[RELATED: 49ers go offense/defense in latest NFL mock draft]

The 49ers embraced Hanks' era last season by wearing 1994-inspired throwback jerseys. Someone in San Francisco's secondary surely could do Hanks' dance this year, but we'll be left wondering one thing.

Can they also tell us how to get to "Sesame Street?"

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Why Aldon Smith not labeling self as 'victim' is great sign of growth

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Why Aldon Smith not labeling self as 'victim' is great sign of growth

My amateur opinion was that Aldon Smith never took responsibility for his actions.

Maybe I was wrong. But that’s the impression I got from him, including a time we spoke at length during the 2014 offseason when he came by our studios on Third Street in San Francisco. He visited some tech companies in the South Bay and our studios to get out and gain a greater perspective in life.

On the outside, it looked as if his life was spiraling out of control. But when you spoke with him, he portrayed himself as if he had everything under control. And he could be convincing, too.

That’s why I never really thought Smith had a chance to succeed in a comeback attempt.

Then, I read something Wednesday night that changed my mind. Or, at least, it gave me hope that Smith has turned an important corner. Smith posted a statement on his Instagram account after signing a one-year contract with the Dallas Cowboys.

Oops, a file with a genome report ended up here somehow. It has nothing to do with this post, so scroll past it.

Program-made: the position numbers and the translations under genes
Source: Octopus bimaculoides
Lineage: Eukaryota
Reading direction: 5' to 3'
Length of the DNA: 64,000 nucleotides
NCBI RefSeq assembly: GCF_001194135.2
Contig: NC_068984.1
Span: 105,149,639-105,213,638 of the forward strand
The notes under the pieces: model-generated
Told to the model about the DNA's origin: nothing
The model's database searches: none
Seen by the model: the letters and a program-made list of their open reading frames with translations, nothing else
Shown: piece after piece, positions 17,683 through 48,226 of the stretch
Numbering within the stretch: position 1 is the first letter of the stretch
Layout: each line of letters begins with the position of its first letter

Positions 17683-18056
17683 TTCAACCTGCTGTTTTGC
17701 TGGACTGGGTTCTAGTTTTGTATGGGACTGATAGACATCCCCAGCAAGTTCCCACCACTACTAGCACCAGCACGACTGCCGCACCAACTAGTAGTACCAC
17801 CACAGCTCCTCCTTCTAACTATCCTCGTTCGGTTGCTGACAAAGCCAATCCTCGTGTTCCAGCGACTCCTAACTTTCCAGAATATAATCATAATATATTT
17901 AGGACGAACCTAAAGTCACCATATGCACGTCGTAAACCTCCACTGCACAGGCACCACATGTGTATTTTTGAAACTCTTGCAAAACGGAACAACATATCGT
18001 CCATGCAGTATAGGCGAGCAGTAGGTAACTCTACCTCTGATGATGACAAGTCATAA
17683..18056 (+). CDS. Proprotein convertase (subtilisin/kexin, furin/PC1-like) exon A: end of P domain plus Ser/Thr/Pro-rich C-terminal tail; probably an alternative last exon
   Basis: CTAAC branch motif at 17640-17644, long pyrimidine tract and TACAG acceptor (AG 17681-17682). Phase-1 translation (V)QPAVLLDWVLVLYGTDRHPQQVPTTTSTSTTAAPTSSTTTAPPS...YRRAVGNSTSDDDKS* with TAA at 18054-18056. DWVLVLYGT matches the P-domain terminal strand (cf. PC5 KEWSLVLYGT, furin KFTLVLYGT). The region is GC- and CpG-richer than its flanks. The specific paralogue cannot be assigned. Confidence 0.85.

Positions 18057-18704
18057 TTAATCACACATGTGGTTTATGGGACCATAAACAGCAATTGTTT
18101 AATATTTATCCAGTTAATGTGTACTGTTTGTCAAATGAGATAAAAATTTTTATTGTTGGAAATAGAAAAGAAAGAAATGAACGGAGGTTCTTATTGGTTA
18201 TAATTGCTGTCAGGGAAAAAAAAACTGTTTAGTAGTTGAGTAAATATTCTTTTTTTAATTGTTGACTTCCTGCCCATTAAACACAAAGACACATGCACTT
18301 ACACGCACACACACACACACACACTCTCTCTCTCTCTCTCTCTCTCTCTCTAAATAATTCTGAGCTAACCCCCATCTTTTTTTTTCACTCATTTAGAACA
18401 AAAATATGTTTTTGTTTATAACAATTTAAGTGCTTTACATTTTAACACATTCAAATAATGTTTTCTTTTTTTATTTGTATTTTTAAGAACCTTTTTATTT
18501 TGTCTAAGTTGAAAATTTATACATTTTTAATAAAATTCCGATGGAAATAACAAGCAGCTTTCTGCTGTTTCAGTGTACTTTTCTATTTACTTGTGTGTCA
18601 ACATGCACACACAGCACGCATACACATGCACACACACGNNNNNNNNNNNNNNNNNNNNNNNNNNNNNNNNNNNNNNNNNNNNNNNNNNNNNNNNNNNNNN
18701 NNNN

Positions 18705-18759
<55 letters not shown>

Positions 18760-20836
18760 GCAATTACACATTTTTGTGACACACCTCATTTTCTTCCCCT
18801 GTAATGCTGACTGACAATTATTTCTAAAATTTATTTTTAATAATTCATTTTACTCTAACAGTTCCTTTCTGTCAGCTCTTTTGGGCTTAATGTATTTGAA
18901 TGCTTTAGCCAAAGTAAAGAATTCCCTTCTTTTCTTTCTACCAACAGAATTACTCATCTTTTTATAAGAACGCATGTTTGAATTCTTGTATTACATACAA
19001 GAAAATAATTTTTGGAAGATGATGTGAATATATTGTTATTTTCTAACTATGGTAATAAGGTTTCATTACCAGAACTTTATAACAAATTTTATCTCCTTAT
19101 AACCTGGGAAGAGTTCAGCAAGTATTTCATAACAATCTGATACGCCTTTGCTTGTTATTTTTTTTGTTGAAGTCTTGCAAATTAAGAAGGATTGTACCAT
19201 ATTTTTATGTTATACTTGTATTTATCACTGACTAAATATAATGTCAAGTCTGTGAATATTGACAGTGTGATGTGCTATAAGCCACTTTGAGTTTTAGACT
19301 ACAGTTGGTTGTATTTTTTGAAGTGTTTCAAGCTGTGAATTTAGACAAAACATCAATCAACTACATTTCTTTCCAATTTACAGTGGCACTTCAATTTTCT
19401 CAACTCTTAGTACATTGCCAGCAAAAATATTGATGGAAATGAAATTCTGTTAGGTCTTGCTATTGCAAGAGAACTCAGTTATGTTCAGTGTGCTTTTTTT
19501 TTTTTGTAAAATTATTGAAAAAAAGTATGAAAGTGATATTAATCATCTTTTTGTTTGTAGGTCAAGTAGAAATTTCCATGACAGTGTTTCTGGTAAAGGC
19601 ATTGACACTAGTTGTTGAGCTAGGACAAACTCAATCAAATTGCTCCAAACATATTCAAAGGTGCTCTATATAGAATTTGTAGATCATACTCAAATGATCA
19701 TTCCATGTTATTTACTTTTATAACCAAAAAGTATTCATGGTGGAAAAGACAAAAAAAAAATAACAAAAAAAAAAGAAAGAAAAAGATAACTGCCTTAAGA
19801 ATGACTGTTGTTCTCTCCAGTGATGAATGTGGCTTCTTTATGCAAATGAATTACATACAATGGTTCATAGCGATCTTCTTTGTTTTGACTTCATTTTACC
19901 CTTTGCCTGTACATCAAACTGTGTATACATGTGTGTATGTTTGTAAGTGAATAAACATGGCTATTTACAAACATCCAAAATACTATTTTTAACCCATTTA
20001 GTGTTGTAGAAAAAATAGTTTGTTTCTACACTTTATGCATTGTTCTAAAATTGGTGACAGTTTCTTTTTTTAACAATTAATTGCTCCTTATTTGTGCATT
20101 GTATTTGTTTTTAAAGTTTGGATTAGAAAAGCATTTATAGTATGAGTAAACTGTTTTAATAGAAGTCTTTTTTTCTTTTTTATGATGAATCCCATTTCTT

It read:

There is beauty in the struggle.

Life will always present us w/tests. I’ve learned how to take a different perspective on the adversities of life. Instead of looking at life as a victim, I have embraced the journey as God has planned it, making exponential strides towards becoming a better man.

Take this time that we have away from our normal day to day activities and think about changing your perspectives. Focus not on how bad this situation is but instead on how we can all come out of this better people. Let’s work on the things we have been putting off and grow towards our ultimate potential.

I never thought Smith was a bad guy. Never. His was a sad story, for sure, on many different levels. And he was certainly lacking in maturity.

I always felt he never took responsibilities for his actions -- the actions that derailed his Hall-of-Fame start with the 49ers and ended his tenure with the Raiders before it really even began.

There might have been plenty of underlying reasons Smith had run-ins with the law and issues with substances of abuse. But there are also a lot of people who went through worse and did not repeatedly make the same mistakes, the same poor decisions.

I was not sure how to feel about the latest, unexpected Smith news after Jay Glazer of Fox Sports and The Athletic broke the story that Smith signed a one-year contract with the Dallas Cowboys.

Glazer described Smith as “clean and sober now.” He added, it is “incredible how much he’s turned his life around.” Glazer revealed he has been around Smith for more than a year with the Merging Vets & Players program. Smith has been “amazing in helping veterans dealing with sobriety issues while getting help himself.”

While I did not doubt any of what Glazer described, what provided the most reason for hope came from Smith -- “instead of looking at life as a victim.” I can’t tell you how happy I was to read those words.

Smith is 30. He has not played in the NFL since 2015. I can only imagine what he faces daily. It is not just a matter of mental toughness or will power. If only it were that easy for him and the many others who deal with similar issues.

It means little to me how well Smith performs on the field this season and, possibly, in the next few years. The important part is that he sets himself up for the many, many years after his playing days are over.

This is a great step on that journey.